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Like star-beam on the slow sequestered tide Lone-glittering, through the high tree branching wide.
And here, in Inspiration's eager hour,
Poor Chatterton! he sorrows for thy fate
Hence, gloomy thoughts! no more my soul shall dwell
On joys that were! No more endure to weigh
O Chatterton! that thou wert yet alive!
SONGS OF THE PIXIES.
THE PIXIES, in the superstition of Devonshire, are race of beings invisibly small, and harmless or friendly to At a small distance from a village in that county, half way up a wood-covered hill, is an excavation called the Pixies' Parlor. The roots of old trees form its ceiling; and on its sides are innumerable cyphers, among which the author discovered his own and those of his brothers, cut by the hand of their childhood. At the foot of the hill flows the river Otter.
To this place the author, during the summer months of the year 1793, conducted a party of young ladies; one of whom, of stature elegantly small, and of complexion colorless yet clear, was proclaimed the Faery Queen. On which occasion the following Irregular Ode was written.
or inappropriate, or involved. A poem that abounds in allusions, like the Bard of Gray, or one that impersonates high and abstract truths, like Collins's Ode on the poetical character, claims not to be popular; but should be acquitted of obscurity. The deficiency is in the reader. But this is a charge which every poet, whose imagination is warm and rapid, must expect from his contemporaries. Milton did not escape it; and it was adduced with virulence against Gray and Collins. We now hear no more of it: not that their poems are better understood at present, than they were at their first publication; but their fame is established; and a critic would accuse himself of frigidity or inattention, who should profess not to understand them. But a living writer is yet sub judice; and if we cannot follow his conceptions, or enter into his feelings, it is more consoling to our pride, to consider him as lost beneath, than as soaring above us. If any man expect from my poems the same easiness of style which he admires in a drinking-song, for him I have not written. Intelligibilia, non intellectum adfero.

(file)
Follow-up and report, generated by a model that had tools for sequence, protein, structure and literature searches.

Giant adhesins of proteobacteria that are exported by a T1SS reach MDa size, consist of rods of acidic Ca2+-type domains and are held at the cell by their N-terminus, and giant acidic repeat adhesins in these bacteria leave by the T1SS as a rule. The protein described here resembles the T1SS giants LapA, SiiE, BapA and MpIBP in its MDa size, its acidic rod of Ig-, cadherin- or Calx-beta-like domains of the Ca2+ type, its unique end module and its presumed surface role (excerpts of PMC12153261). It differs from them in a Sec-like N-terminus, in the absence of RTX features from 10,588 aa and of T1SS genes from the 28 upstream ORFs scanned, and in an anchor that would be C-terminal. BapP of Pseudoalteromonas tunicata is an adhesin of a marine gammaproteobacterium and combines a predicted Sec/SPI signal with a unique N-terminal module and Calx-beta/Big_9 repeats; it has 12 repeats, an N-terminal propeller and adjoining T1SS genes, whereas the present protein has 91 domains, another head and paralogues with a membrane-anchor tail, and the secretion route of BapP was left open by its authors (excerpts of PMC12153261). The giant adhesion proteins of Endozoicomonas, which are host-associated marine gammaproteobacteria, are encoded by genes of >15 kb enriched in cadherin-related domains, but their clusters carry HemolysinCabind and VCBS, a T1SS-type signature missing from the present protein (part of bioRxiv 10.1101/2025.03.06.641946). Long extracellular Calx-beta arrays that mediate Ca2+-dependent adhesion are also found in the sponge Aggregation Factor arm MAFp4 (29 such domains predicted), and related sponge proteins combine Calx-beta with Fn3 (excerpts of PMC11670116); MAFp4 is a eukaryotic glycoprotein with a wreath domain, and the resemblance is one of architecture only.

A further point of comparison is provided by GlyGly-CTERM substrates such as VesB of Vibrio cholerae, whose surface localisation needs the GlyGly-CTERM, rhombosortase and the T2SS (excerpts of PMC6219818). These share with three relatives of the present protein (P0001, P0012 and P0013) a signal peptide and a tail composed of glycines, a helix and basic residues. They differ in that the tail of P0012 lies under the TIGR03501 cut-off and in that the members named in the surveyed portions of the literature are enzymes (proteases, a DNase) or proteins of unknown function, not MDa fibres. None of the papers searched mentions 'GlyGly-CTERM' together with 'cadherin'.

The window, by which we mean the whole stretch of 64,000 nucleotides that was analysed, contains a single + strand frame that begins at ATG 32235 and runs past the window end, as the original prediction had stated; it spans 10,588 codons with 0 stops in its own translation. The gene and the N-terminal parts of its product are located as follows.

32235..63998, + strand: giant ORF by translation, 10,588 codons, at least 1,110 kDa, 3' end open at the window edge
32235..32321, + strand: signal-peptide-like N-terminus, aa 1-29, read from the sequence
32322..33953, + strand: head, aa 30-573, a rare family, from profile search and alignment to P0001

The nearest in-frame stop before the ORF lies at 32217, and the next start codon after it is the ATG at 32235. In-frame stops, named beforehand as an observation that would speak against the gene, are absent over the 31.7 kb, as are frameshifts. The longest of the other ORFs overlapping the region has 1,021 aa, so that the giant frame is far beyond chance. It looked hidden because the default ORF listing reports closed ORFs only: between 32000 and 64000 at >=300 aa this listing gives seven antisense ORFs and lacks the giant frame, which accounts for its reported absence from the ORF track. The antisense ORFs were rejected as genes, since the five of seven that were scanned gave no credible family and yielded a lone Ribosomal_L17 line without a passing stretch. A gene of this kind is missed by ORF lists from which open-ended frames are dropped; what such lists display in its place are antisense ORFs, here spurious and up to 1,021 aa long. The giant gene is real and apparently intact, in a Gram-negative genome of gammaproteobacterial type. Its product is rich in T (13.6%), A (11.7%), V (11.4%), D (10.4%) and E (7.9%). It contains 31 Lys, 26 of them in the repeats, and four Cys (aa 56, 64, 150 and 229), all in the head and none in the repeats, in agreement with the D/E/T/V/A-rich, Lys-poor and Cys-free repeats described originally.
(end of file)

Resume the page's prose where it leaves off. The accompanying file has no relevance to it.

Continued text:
I expect neither profit nor general fame by my writings; and I consider myself as having been amply repaid without either. Poetry has been to me its own 'exceeding great reward:" it has soothed my afflictions; it has multiplied and refined my enjoyments; it has endeared solitude; and it has given me the habit of wishing to discover the Good and the Beautiful in all that meets and surrounds me.
S. T. C.
MAID of my Love, sweet Genevieve!
TO THE AUTUMNAL MOON.
MILD Splendor of the various-vested Night!
And when thou lovest thy pale orb to shroud
FOR THE CHILDREN OF CHRIST'S HOSPITAL.
ERAPHS! around th' Eternal's seat who throng With tuneful ecstasies of praise : O! teach our feeble tongues like Of fervent gratitude to raise— Like you, inspired with holy flame To dwell on that Almighty name Who bade the child of woe no longer sigh, And Joy in tears o'erspread the Widow's eye.
Th' all-gracious Parent hears the wretch's prayer;
And bids compassion seek the realms of woe